Thu, 30 Jan 2003
I've collected all the RSS feeds from the
page and am now generating an updates page on the hour using a slightly
modified version of
My modifications allow me to turn off rss feeds that "go bad" for
whatever reason (at the moment I only do it for feeds that don't datestamp
their individual items), and they also let me list weblogs that don't have
Oh, and no, it doesn't handle timezones at all - at the moment it
assumes feed times are in UTC ;)
Hurm. I'd done well not posting stuff about U.S. politics for a while,
but this one had to be mentioned. Atrios
says this is the best weblog entry ever, and I agree. Make
sure you read it to the end.
Wed, 29 Jan 2003
Oddly enough, I can't find anyone who's put a Mini-ITX motherboard in
an XBOX case... ;)
In a shock move, ARIA has said that they
blame pirates for
dropping music sales (in similar numbers to the U.S.) but rather the
other economic factors that everyone else has been pointing to.
I spent the better part of 3 hours last night dancing like an idiot
(which is pretty much the only way I know how :) to Underworld live.
Damn, they do a fine job of performing live.
Tue, 28 Jan 2003
The crappy digital camera is simply too good at losing photos, and my
frustration level has been reached. I've had six days running of not
having any viable photos from anywhere more than 10 meters from the
computer. I fully intend to re-start the project once I get a camera that
reliably stores and retrieves the images. I'm not a happy photographer :(
A friend of mine is looking to set up a fanless PC for home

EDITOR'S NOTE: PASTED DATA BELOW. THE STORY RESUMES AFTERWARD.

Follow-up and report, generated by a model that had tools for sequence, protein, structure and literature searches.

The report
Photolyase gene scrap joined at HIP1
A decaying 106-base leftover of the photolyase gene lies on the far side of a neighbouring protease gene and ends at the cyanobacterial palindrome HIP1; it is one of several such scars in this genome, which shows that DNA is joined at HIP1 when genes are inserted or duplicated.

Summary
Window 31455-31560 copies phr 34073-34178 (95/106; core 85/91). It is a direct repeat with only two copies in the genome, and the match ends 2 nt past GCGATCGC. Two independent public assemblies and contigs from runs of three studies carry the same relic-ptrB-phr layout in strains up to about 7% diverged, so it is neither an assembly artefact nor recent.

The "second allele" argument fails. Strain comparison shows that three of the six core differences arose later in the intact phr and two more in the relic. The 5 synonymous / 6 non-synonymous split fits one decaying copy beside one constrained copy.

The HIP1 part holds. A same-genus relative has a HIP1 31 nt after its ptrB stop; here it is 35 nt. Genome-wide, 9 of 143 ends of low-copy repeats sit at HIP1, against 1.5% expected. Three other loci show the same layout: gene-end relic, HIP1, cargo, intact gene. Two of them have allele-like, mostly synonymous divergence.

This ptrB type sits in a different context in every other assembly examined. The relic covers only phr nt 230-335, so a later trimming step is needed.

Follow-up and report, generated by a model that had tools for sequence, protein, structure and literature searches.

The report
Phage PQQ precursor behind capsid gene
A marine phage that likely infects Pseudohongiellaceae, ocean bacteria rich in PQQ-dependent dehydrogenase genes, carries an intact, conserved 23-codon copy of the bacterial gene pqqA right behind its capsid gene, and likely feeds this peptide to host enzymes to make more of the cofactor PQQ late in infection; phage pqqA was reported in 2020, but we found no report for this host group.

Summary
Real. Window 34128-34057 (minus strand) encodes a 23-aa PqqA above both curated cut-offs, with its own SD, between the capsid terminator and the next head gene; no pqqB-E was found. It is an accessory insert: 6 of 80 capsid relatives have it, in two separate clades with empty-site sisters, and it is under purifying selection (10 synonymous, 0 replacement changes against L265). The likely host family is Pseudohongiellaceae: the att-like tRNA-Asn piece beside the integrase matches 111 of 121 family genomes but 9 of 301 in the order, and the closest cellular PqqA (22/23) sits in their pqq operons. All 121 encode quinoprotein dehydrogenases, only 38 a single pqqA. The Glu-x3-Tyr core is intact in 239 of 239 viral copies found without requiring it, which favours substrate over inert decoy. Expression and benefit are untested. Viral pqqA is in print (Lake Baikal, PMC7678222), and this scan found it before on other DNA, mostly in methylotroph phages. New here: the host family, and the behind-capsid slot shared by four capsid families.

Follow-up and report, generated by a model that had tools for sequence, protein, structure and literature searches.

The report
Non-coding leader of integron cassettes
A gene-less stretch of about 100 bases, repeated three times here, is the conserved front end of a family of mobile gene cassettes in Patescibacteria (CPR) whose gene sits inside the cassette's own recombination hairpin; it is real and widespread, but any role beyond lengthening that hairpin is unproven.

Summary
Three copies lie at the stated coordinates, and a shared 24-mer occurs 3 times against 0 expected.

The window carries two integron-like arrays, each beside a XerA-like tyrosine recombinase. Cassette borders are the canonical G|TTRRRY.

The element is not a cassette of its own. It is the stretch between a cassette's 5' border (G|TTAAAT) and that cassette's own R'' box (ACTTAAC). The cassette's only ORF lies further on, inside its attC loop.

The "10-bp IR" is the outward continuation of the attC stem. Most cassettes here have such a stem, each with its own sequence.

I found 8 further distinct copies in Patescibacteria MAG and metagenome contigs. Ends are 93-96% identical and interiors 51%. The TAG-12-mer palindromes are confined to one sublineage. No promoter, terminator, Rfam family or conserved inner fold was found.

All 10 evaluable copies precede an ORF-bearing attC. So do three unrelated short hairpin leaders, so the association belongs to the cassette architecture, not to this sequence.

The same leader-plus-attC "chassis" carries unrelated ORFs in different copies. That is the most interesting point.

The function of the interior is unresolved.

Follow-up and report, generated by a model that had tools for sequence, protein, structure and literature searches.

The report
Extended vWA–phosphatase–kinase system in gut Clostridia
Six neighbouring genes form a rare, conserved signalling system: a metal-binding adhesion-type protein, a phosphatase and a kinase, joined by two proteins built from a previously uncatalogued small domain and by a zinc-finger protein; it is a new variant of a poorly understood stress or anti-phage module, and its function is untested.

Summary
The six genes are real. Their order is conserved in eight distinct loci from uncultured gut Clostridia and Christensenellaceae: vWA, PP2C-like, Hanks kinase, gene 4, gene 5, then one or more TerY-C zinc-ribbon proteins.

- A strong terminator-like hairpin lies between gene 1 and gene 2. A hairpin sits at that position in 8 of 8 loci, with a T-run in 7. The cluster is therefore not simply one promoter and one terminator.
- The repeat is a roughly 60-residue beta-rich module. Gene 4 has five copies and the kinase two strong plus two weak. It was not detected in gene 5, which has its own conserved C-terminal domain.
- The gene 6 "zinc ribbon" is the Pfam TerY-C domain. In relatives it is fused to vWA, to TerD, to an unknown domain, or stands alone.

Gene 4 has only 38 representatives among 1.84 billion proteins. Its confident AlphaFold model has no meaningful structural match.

entertainment purposes. He's spent a while poking around the 'net
before he discovers
mini-itx.com, the home of
enthusiasts of the Mini-ITX form-factor PC motherboards. These puppies
are small and typically come with low-heat CPUs so they need no
cooling. Because they're so small, they can fit in to
all sorts of imaginative
Sun, 26 Jan 2003
Thanks to amk, PyPI now has a
feature. This has been developed along the lines of the
Interface Project (hey, look, another of Ping's projects ;)
The rapidly expanding size and complexity of information collections necessitates new interfaces for exploring, searching, and understanding their contents. The Flamenco project investigates how to effectively incorporate large, faceted category hierarchies into information access user interfaces.
The result is really quite usable. I'll look into the formatting of the
categories some time later maybe. Hopefully I can just do some CSS magic to
format the category "boxes".
Oh, and remember that if you're interested in any of the PyPI code, you can
just grab if from the project page.
Fri, 24 Jan 2003
Another maintenance release of Roundup, my issue tracking software, is out.
Still plugging away at the 0.6 codebase, but slowly - at the moment I'm
focused on work and a little bit of PyPI.
On the PyPI subject, I got the trove
classifier editing part of the form going on the train this morning. I
spent the last bit of the
trip in the city loop (Melbourne's underground train line that just
loops around the CBD) implementing a "latest changes" view and then an
RSS feed. All of this is now installed on the test server.
Autotrace is a very cool
program that, with some tweaking, can produce some very interesting imagery
from regular bitmap images (eg. JPEGs). The output is a vector-based image
(I've output to PDF) - that
means that it's croppable, scalable and printable without a loss of
quality. I've collected some of the images
from my daily photo collection and autotraced them
I've found that the saturated images that the crappy digital camera
produces actually work quite well with the tracing. I think that for a while
I'm going to actively look for shots that would translate well. Assuming
the crappy camera doesn't eat the images before I can download
them, that is ;)
The results (PDF and a PNG screengrab from kghostview) are over
for the pointer.
Thu, 23 Jan 2003
Well, the final big hurdle in the
PyPI project was to get